I feel as though I'm treating the blog the same way--bouncing between posts about writing and about larger stuff (MOOCs) without acknowledging that there's lots of life that can't be encompassed between these two poles.
Probably in response to that, I've been having a series of dreams about hiking in the California mountains. I've never lived in California or hiked in its mountains, but in the dreams, it's sunny and I'm following a dirt trail, sometimes smelling eucalyptus or seeing wildflowers.
Sometimes I see tiny lizards scuttle across the trail. I can see other mountains a hundred miles away, and in this latest dream, there was a little town at the bottom of the mountain where artisan shops sold things like handcrafted jewelry, pens, journals, cheese, and so on. As I'm walking on the dusty boardwalk from one shop to another, a rainstorm comes, but it just makes the smell of the dust rise and combine with the smell of the rain, which is pleasant.
As a consequence of this dream vacation, fragments from two poems popped into my head this morning:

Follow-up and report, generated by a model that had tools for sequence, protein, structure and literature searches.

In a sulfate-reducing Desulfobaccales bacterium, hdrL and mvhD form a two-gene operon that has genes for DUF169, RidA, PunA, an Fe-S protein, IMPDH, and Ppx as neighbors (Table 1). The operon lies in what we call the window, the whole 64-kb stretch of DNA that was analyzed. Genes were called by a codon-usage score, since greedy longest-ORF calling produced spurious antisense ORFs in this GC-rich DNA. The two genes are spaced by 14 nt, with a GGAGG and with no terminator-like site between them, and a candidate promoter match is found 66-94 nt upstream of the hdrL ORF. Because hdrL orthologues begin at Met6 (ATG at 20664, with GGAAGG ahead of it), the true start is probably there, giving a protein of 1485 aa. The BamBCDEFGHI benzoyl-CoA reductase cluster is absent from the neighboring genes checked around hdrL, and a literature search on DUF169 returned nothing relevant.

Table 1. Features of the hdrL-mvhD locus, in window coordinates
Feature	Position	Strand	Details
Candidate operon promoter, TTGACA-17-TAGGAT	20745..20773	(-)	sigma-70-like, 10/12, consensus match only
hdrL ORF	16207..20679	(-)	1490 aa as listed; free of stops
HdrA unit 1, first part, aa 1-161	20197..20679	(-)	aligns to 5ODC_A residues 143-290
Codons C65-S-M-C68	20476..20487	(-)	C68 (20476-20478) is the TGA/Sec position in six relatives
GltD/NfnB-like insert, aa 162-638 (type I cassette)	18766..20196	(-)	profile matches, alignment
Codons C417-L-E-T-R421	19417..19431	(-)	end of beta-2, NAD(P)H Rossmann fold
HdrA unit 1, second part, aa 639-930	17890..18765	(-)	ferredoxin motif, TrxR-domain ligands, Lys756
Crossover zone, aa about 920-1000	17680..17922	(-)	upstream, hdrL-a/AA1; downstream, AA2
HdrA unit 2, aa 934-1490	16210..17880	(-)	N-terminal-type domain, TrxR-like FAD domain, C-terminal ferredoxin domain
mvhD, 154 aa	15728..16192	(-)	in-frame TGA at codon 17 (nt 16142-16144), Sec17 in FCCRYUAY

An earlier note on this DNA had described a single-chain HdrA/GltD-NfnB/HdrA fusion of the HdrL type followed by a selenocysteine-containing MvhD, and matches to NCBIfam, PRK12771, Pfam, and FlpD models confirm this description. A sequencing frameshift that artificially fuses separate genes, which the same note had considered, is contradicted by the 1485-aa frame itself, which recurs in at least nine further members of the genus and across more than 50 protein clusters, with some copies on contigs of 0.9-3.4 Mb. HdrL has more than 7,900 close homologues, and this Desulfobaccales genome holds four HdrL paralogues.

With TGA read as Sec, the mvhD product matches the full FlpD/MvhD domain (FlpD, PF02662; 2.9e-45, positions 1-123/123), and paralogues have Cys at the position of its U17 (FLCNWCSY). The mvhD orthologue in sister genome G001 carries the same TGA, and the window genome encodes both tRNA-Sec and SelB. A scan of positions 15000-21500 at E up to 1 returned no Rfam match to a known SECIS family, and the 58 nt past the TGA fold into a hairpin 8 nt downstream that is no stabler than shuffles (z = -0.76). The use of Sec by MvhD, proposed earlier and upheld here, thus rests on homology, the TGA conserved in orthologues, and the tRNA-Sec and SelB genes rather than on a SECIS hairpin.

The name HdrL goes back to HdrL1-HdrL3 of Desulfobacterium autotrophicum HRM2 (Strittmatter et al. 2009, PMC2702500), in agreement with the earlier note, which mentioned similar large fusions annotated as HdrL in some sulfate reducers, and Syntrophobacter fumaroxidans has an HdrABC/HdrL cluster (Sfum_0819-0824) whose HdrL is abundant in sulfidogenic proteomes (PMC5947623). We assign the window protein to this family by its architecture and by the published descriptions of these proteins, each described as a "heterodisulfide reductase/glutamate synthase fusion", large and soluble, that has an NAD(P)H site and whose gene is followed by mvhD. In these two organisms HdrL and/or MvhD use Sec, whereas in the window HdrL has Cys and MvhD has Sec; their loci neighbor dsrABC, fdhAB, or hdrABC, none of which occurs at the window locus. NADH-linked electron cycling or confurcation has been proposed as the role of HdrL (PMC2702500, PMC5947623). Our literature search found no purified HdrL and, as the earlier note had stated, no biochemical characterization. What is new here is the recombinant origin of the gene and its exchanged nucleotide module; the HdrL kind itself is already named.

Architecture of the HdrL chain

The first few lines from John Berryman's "Dream Song 14"
Life, friends, is boring. We must not say so.
After all, the sky flashes, the great sea yearns,
we ourselves flash and yearn,
and moreover my mother told me as a boy
(repeatingly) ‘Ever to confess you’re bored
means you have no
Inner Resources.’ I conclude now I have no
inner resources, because I am heavy bored.
Peoples bore me,
literature bores me, especially great literature,
Henry bores me, with his plights, gripes
as bad as achilles,
who loves people and valiant art, which bores me.
And the tranquil hills, gin, look like a drag
and somehow a dog
has taken itself, its tail considerably away
into mountains or sea or sky, leaving
behind: me, wag.And the last four lines from Wallace Stevens's "Disillusionment of Ten O'Clock":
The houses are haunted
By white night-gowns.
None are green,
Or purple with green rings,
Or green with yellow rings,
Or yellow with blue rings.
None of them are strange,
With socks of lace
And beaded ceintures.
People are not going
To dream of baboons and periwinkles.
Only, here and there, an old sailor,
Drunk and asleep in his boots,
In red weather.
A dream and poetry vacation in the mind is as good as a real rest, I think.